Are you looking at companies with upcoming maturities for debt and who will not be able to meet with certain stress tests? What cash cost is a level investors are comfortable with? Who are the big consolidators?
What plays are seeing the lowest costs at the moment?
What themes are we seeing in the space? Midstream infrastructure spinoffs? Retail spinoffs for integrated names? Build vs buy for larger names?
Stock Pitch: Hudson’s Bay Co (TSE:HBC)
- CEO – Gerald L Storch
- HQ – Toronto, ON
- Market Cap = 2.2Bn
- EV = 6.7Bn
- SP = $9.29 (2/17/17) NYSE (6.84 to 14.86)
- SP = $12.17 (2/17/17)TSX (52w 8.97 to 19.69)
Canadian-based department store, diversified – locations in Europe, US, and Canada with multiple brands (HBC, Lord and Taylor, Saks Fifth, Gilt, Home outfitters, Galeria Kaufhof, Sportarena)
Currently trading near 52w low
Long HBC, currently undervalued because the company is investing heavily in digital channels to combat dying brick and mortar industry, has a large real estate holding (potential for REIT spinoff), and the Q3 losses are exaggerated the share price market as it’s more reflective of industry than company
Benefits of online transition not fully realized
- (margins will increase due to lower costs)
- (Online sales up 73% Q3 from prior year)
Potential future REIT. Joint venture with Simon Properties (HBS Global Properties), and the with RioCan (RioCan-HBC joint venture). Valued at $13Bn according to April 2016 investor report.
Currently trading at 52wk low (mostly reaction from low Q3)
Trading lower than sum-of-parts ($17/share)
- Struggle for brick and mortars to adapt to ecommerce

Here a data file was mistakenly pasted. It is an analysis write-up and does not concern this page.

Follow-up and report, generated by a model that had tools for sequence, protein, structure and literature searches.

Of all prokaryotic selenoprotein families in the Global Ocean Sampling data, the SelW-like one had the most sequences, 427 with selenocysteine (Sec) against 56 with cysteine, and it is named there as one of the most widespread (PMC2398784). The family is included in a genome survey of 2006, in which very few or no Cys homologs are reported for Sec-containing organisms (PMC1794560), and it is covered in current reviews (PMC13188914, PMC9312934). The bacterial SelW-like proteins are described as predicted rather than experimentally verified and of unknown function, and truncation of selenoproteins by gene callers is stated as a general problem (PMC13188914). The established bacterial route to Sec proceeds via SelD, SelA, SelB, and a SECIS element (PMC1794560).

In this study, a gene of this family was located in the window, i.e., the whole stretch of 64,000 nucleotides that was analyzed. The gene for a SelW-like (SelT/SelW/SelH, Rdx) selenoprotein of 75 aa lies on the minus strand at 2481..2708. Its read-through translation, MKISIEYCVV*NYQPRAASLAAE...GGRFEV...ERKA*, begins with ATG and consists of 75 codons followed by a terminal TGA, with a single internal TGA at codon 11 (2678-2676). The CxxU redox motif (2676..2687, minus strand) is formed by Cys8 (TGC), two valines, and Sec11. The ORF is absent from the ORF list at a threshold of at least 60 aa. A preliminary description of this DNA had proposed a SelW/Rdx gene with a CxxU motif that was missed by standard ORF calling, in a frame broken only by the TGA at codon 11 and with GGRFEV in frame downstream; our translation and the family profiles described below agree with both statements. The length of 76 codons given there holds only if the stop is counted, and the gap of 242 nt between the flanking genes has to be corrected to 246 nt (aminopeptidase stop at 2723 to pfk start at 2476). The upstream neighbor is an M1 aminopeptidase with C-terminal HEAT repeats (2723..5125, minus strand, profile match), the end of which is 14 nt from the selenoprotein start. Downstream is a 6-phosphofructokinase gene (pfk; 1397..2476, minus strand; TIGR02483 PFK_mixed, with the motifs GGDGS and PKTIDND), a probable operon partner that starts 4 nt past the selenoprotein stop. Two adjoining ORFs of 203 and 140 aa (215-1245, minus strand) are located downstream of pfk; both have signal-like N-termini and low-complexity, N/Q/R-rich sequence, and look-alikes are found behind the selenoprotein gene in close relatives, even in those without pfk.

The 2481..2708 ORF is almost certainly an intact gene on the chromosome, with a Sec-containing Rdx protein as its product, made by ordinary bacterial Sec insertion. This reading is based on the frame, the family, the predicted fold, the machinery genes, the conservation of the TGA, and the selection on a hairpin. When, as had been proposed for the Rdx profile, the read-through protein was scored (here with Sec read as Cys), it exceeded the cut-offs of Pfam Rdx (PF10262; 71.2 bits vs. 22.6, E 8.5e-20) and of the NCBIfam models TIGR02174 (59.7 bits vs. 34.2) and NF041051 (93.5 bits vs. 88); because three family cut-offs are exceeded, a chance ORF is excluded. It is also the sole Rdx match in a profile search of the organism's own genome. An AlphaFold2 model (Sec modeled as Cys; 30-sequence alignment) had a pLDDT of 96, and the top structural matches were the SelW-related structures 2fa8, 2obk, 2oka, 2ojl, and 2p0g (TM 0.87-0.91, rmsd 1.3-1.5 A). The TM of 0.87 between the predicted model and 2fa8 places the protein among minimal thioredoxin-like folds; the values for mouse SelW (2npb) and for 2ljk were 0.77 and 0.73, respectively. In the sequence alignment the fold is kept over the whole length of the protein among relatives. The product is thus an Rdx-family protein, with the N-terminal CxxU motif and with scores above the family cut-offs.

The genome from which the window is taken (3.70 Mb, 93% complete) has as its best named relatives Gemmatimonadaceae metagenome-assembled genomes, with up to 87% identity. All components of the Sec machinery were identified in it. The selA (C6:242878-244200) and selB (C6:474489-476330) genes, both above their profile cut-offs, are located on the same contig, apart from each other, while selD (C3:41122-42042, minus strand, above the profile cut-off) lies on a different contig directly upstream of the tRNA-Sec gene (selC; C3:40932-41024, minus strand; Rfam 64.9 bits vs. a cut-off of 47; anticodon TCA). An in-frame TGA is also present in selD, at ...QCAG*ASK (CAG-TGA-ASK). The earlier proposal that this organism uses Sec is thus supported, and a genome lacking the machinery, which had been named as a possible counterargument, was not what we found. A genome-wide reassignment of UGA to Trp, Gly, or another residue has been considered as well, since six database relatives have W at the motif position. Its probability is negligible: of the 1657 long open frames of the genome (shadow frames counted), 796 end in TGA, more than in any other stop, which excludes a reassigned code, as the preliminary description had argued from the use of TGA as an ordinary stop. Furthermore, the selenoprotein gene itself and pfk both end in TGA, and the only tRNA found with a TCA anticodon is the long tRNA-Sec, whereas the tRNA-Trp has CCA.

- High cost margins that may never drop even after transition to ecommerce.
- High Rent/EBITDAR = 71% (57% after netting out rent paid back through Joint Venture for real estate portfolio).
- landlords tend to like to see 20-25% rent/EBITDAR
Focus on ecommerce will help increase sales and high cost margins will eventually subside once the company adjusts
- (ex. Purchase of Glit online retailer)
- (Nov 2016 investment in high tech warehouse for faster turnaround for online order)
Could be valued at additional $13Bn if including real estate joint ventures (April 2016 investor presentation) that aren’t on current books.
- (Current EV = 6.7Bn)
Sample Stock Pitches – Short Version
EnCana, (TSE:ECA) is a great buy right now due to it being the largest producer in the Montney, a play that is undervalued by the market due to its potential and a short-term focus on the lack of decent takeaway capacity in Canada. However due to the economies of scale that the market feels are not yet derisked, EnCana has tremendous growth opportunities. It is a drilling cost leader with over a decade of operations in the play with very good engineering statistics (longest laterals, highest completion intensity) with massive wells flowing with high-margin condensate (worth much more in Canada vs the US due to usage as diluent blending feedstock).